23 12. Leaves moderately to densely hairy on the undersurface

24 13. Hoods 9–15 mm long, abruptly narrowed below the middle, the apical half narrowly lanceolate to lanceolate, tapered to the tip ... 8. A. SPECIOSA

Asclepias speciosa
25 13. Hoods 3.5–8.0 mm long, gradually narrowed from at or above the middle, the apical portion oblong to ovate

26 14. Hoods not noticeably lobed along the margins; corollas reddish purple to dark purple; fruits without warty tubercles on the surface ... 6. A. PURPURASCENS

Asclepias purpurascens
27 14. Hoods with a pair of sharply triangular, ascending and incurved lobes at about the middle of the margins; corollas green to lavender, usually tinged with pink and/or white; fruits with narrow, warty tubercles on the surface ... 12. A. SYRIACA

Asclepias syriaca
28 12. Leaves glabrous on the undersurface (except sometimes along the margins) or sparsely hairy, mostly along the midvein

29 15. Leaves sessile or nearly so, the blades rounded to shallowly cordate at the base

30 16. Leaves mostly in 2–5 pairs per stem, the blades with minute, rough hairs along the margins; corollas white to pale cream-colored or pale green ... 4. A. MEADII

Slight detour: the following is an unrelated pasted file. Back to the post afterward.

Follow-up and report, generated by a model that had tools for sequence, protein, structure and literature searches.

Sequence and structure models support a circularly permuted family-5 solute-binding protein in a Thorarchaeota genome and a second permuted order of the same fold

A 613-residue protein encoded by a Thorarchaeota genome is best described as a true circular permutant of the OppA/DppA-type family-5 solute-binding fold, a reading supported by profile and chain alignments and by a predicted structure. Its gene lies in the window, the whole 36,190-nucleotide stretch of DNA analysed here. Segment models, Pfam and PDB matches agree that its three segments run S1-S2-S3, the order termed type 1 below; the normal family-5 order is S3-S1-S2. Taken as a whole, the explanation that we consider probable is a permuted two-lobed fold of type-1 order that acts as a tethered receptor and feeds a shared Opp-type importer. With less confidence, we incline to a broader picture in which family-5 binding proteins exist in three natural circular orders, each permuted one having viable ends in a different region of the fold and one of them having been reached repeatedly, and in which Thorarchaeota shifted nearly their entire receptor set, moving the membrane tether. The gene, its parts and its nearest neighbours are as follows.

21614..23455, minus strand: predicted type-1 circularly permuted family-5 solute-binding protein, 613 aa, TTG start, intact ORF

Asclepias meadii
31 16. Leaves in 7–15 pairs per stem, the blades glabrous along the margins; corollas light pink to purplish-pink, sometimes tinged with green ... 11. A. SULLIVANTII

Asclepias sullivantii
32 15. Leaves mostly with noticeable petioles, the blades gradually narrowed or tapered at the base

33 17. Usually 1 or more nodes with whorls of 4 leaves, the leaf blades lanceolate to narrowly ovate-elliptic, the tip gradually narrowed or tapered to a sharply point; corolla lobes 4.5–6.0 mm long ... 7. A. QUADRIFOLIA

Asclepias quadrifolia
34 17. Leaves usually opposite, the blades ovate to broadly oblong-elliptic, the tip rounded or narrowed to a blunt point or rounded but often with an abrupt, short, sharp point; corolla lobes 7–9 mm long ... 14. A. VARIEGATA Asclepias variegata